Work was Wade Craig’s occupation, recreation

Published 5:26 pm Tuesday, August 3, 2021

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NATCHEZ — Long time Sports Center owner Wade Craig died at the age of 77 Monday.

He leaves behind his mom, Josie Craig, and sons Bobby and Wyatt Craig.

Fred Rogers, who was his friend and accountant, said they grew up and attended high school together. Craig was a year ahead of him and graduated in 1962 from Natchez High School.

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“It was the first class to graduate in the new school,” Rogers said. “We did not become real good friends until I graduated from MSU and came back here. He graduated from Bowling Green (State University) and went to work for his father at Sports Center.”

Craig’s father began the business in 1946, and Craig took ownership in the late 1960s.

Lake St. John is where he grew up. His family owned a lake house, and it was a place where he spent a lot of time, Rogers said. If he was not hunting or working, he was on Lake St. John, Rogers said.

If Rogers had to describe who Craig was to someone, he would say he was a southern gentleman and a businessman. He loved two things, sports and making money, he said.

“He didn’t do anything but work,” Rogers said. “It was his occupation and recreation.”

In December 2020, Craig retired and sold the business to his son, Wyatt Craig, said Crystal Rodriguez, a Sports Center employee.

Rodriguez and Sports Center employees Chip Sturdivant and Shonda Graves remember him as a kind and generous man.

“I have worked for him since 2010, and he was one of the kindest people you would ever meet,” Rodriguez said. “He would give his shirt off his back. He was a great boss to work for.”

One of the ways he showed kindness to people was when he helped a man who washed cars, Graves said.
“He was generous all of the time to everyone,” Graves said. “He told the gentleman across the street that washed cars that he could set up in the parking lot of Sports Center for free instead of paying rent where he was at.”

Chip Sturdivant said he shared common interests with Craig about history and sports. He said they would converse all the time about those topics. Craig was a boss who checked in on him when he needed it, he said.

Sturdivant said Craig gave him a job and taught him the importance of customer service. He was a shrewd businessman who navigated the company through an ever-changing world, he said.
“I learned to treat customers with good service, and after you help them, hopefully, you become their friend,” Sturdivant said. “You do that by not only waiting on them, but you become their friend by getting to know them. When the customers came into the store, they became like family. People are very loyal to this store because of Mr. Craig and Mr. (Clarence) Bowlin. When they shopped here, they were like family.”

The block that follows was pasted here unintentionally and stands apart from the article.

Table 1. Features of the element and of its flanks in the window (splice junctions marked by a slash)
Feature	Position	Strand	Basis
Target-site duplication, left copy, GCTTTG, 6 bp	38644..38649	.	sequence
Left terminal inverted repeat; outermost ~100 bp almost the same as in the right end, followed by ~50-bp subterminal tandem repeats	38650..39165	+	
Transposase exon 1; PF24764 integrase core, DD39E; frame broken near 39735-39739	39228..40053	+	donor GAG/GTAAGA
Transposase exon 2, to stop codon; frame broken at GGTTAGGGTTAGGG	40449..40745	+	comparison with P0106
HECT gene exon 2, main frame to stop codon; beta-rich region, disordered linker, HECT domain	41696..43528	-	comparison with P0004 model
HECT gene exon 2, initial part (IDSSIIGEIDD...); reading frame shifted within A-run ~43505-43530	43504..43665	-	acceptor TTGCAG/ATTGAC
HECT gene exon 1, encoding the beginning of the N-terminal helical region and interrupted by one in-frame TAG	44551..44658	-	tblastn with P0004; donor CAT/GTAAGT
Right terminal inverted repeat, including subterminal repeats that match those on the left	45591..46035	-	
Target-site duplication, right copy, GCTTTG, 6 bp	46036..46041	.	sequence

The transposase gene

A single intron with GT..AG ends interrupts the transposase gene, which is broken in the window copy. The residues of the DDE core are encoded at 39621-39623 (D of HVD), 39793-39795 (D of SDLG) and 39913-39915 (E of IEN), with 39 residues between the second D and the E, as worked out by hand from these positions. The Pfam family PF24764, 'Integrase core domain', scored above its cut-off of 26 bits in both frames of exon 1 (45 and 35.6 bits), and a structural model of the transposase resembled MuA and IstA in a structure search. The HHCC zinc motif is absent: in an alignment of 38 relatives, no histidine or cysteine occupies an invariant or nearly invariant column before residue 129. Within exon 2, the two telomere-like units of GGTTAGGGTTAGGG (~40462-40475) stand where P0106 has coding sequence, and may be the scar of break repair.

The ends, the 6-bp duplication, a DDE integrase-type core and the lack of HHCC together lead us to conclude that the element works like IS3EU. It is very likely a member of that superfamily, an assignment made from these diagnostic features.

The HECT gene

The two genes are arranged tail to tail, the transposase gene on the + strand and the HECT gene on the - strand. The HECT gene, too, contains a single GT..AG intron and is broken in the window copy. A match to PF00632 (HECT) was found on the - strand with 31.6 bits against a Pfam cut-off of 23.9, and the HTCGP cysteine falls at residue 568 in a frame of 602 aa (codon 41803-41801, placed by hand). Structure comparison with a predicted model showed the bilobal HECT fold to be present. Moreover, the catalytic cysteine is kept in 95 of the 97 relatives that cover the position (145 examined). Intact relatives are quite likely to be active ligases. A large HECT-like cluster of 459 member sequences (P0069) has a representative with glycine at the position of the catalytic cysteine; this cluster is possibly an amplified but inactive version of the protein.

Rex Team Sports Manager Ray Simpson said Craig, who owned that business as well, was the only boss he ever had in 45 years of work. Business was his passion and he was not scared to expand the business across the state, he said.

Craig’s leadership style was to quietly lead from his office, Simpson said. Leading on the sales floor was not his strength, he said. Coaching people was another quality of his. When Sports Center and Rex Team Sports moved from a location on Union Street to Pine Street, he taught his employees a song to make the moving process quicker.

“He took the lyrics from the theme song for Rawhide ‘rolling, rolling, rolling,’ to get us to move out of Union Street,” Simpson said. “It became ‘moving, moving, moving.’ I thought that was the funniest thing ever. We cleared out that store on Union so quickly. It worked.”

He said when Sports Center moved to its current retail location at the old Kroger on Seargent Prentiss Drive, it took nearly a year to renovate the store because Craig was very particular with the construction.

Sports were a passion of Craig’s, Simpson said. His sons Bobby and Wyatt went to Trinity Episcopal Day School where David King, currently the headmaster at Adams County Christian School, coached them.

“He was a big supporter of all the area schools,” King said. “He loved watching his boys play basketball. He was always supportive and had a big heart. He truly loved basketball.”

Another passion of his was Corvettes, Simpson said. There was 11 years of age difference between them, so they did not have similar social circles. Corvettes were an interest they shared.

“I remember several times we would ride to Vicksburg to car shows and hang out,” Simpson said. “We would talk, laugh and have a good time.”